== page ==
A CD4 cell count measures how many CD4 cells are in your blood. CD4 cells are infection-fighting cells in your immune system. HIV attacks and destroys them. If too many CD4 cells are lost, your immune system will have trouble fighting off infections which puts you at risk of getting opportunistic infections. These are infections encountered when the immune system is not working well. You want your CD4 cell count to be high.

An HIV viral load test measures the amount of HIV in your blood. When your viral load is high, you have more HIV in your body. This means your immune system is not fighting HIV very well. HIV viral load tests are used to diagnose recent HIV infection and guide your treatment choices. In follow-up visits, viral load tests will help monitor how well your treatment is working. Once you start HIV medicine, you want your viral load to decrease and stay low.

HIV resistance testing helps you and your provider better understand which HIV medications will work best for your HIV infection.

Learn about these and other lab tests that are part of HIV care and treatment.

Your lab test results, along with your medical history, physical exam, mental health assessment, and other information you provide will help you and your provider work together to manage your HIV care.

Your health care provider will repeat some of these lab tests as part of your ongoing HIV care to see how well your HIV medicine is working so that you can get the virus under control, protect your health, and prevent transmitting the virus to others.

If you started HIV treatment immediately upon your diagnosis and are now seeing your health care provider for the first time for a full assessment, talk about your experience with taking the medicine so far and any side effects you may be experiencing.

If you are not already on HIV treatment, you and your health care provider will discuss starting treatment. It is recommended that you start it as soon as you possibly can. The sooner you start to take HIV treatment, the sooner you can benefit from it. Research shows that people who start treatment earlier are less likely to get ill or to pass HIV on to other people.

While starting HIV treatment as soon as possible after diagnosis is recommended, the decision to start treatment rests with you. Before starting treatment, talk with your health care provider about how you are feeling. Discuss your readiness to start HIV treatment, the benefits of starting now, and what drug regimens are recommended for you. Also ask your provider about how to take the HIV medicine and what side effects you may experience.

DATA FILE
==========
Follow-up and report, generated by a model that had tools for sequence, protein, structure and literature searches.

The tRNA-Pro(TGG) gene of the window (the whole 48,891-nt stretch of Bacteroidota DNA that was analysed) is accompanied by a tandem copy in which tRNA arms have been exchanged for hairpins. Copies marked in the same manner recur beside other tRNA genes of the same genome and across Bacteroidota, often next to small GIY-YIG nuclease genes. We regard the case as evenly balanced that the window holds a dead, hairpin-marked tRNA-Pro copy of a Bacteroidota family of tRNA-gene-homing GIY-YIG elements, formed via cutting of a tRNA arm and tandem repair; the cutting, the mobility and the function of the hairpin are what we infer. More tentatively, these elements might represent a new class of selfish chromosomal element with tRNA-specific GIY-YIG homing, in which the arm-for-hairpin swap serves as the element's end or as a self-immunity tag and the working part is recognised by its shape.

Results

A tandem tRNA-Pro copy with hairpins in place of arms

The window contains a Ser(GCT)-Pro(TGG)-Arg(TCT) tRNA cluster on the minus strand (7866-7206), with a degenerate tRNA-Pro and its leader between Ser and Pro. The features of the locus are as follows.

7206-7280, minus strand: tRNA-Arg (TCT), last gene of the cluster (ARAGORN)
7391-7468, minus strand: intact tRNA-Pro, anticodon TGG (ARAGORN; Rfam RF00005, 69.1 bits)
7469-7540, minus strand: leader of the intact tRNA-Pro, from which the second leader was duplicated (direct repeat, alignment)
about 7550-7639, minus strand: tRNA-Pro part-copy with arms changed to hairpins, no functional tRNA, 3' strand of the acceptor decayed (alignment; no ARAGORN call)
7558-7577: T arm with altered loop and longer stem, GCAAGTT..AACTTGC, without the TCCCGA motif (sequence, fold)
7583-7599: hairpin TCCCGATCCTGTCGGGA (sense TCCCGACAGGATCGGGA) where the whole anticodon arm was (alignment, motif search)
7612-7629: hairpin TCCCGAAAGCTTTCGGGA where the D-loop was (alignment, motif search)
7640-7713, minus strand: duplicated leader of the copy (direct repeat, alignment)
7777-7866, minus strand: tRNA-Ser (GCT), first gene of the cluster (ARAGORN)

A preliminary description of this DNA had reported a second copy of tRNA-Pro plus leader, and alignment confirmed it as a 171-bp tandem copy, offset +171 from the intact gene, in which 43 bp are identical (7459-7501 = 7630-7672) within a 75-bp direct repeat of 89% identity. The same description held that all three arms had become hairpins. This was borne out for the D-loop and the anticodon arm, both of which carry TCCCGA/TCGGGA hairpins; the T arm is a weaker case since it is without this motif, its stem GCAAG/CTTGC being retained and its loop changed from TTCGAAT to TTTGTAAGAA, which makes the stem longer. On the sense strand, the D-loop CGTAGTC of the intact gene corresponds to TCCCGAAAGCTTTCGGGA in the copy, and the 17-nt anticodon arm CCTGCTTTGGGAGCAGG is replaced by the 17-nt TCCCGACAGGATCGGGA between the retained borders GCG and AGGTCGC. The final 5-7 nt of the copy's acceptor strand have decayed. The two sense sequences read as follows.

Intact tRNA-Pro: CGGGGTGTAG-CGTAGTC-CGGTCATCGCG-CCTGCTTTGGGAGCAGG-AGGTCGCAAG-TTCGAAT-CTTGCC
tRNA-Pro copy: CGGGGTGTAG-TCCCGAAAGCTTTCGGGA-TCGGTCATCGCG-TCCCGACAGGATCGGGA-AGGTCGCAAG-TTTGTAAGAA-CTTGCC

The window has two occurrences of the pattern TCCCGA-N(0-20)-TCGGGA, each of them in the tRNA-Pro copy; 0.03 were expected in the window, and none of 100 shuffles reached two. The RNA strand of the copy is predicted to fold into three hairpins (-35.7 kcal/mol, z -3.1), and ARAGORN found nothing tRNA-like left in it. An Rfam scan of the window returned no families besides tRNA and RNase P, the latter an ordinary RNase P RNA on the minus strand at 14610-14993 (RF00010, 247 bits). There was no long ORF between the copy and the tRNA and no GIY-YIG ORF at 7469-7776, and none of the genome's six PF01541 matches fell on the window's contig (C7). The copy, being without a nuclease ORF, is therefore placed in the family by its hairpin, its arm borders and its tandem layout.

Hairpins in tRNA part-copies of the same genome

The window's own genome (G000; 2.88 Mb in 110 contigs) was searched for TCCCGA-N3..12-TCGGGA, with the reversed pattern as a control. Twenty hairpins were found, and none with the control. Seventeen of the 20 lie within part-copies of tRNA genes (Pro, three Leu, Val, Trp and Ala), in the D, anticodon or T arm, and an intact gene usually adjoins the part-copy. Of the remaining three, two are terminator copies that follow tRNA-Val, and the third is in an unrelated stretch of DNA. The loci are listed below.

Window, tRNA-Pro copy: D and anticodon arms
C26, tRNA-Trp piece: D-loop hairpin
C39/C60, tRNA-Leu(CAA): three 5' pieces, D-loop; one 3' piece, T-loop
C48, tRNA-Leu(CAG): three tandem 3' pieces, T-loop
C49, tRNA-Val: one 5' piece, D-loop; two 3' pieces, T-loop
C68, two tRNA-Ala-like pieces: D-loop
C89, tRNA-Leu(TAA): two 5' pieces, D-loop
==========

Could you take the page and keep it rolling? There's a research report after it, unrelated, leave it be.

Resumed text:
HIV Follow-Up Questions

HIV treatment is a lifelong commitment to your health and well-being. People who are newly diagnosed with HIV sometimes find it overwhelming. But HIV is a manageable disease and people with HIV are living longer now compared to when HIV was first discovered.

People with HIV who take HIV medicine (called antiretroviral therapy or ART) exactly as prescribed and get and keep an undetectable viral load can stay healthy and will not transmit HIV to an HIV-negative partner through sex.

An undetectable viral load is a level of HIV in your blood so low that a standard lab test can’t detect it. Most people can get the virus under control within 6 months of starting treatment.

Part of keeping the virus in check and staying healthy is seeing your HIV health care provider regularly—usually a couple of times a year, depending on your health.

At your HIV medical care appointments, your provider will run blood tests to monitor your HIV infection and make sure your HIV medication is working properly. Your provider will also treat you for other health concerns you may have and help connect you to resources to help you with other issues that could affect your ability to stick to your HIV treatment plan.

HIV care and treatment is most successful when you actively take part. That means taking your HIV medications as prescribed, keeping your medical appointments, communicating honestly with your health care provider, and seeking more information from accurate and reliable sources. However, health care providers know that taking HIV medication as prescribed and seeing a HIV health care provider regularly can be difficult for some people. For example, some people may experience side effects from medication. Others may have trouble taking their medication on time given a busy work schedule. If you’re having trouble taking your HIV medicine and staying in medical care, talk to your provider right away. Together you can identify the reasons and make a plan to address them.

You can find the support and assistance you need. For example, you might find it useful to join a support group with other people with HIV. Or your HIV care team might be able to connect you to a peer navigator who has been down this road and can share lessons and perspectives that might be helpful. Many HIV care teams also offer case management services to help connect you to other supportive services that can help you overcome obstacles to continuing your regular HIV medical care.

Taking the steps that are necessary for you to get control over the virus will make it easier for you to put more time and energy toward the other parts of your life. Once you find a strategy that works for you, HIV can become a routine part of your life. If unexpected things happen that make it harder to manage life with HIV again, step back and think about what has changed. Don’t be too hard on yourself and give up. Get support from your health care provider, your behavioral health counselor, if you have one, and others. Think about some of the obstacles that you have already overcome and remind yourself of your strengths and abilities.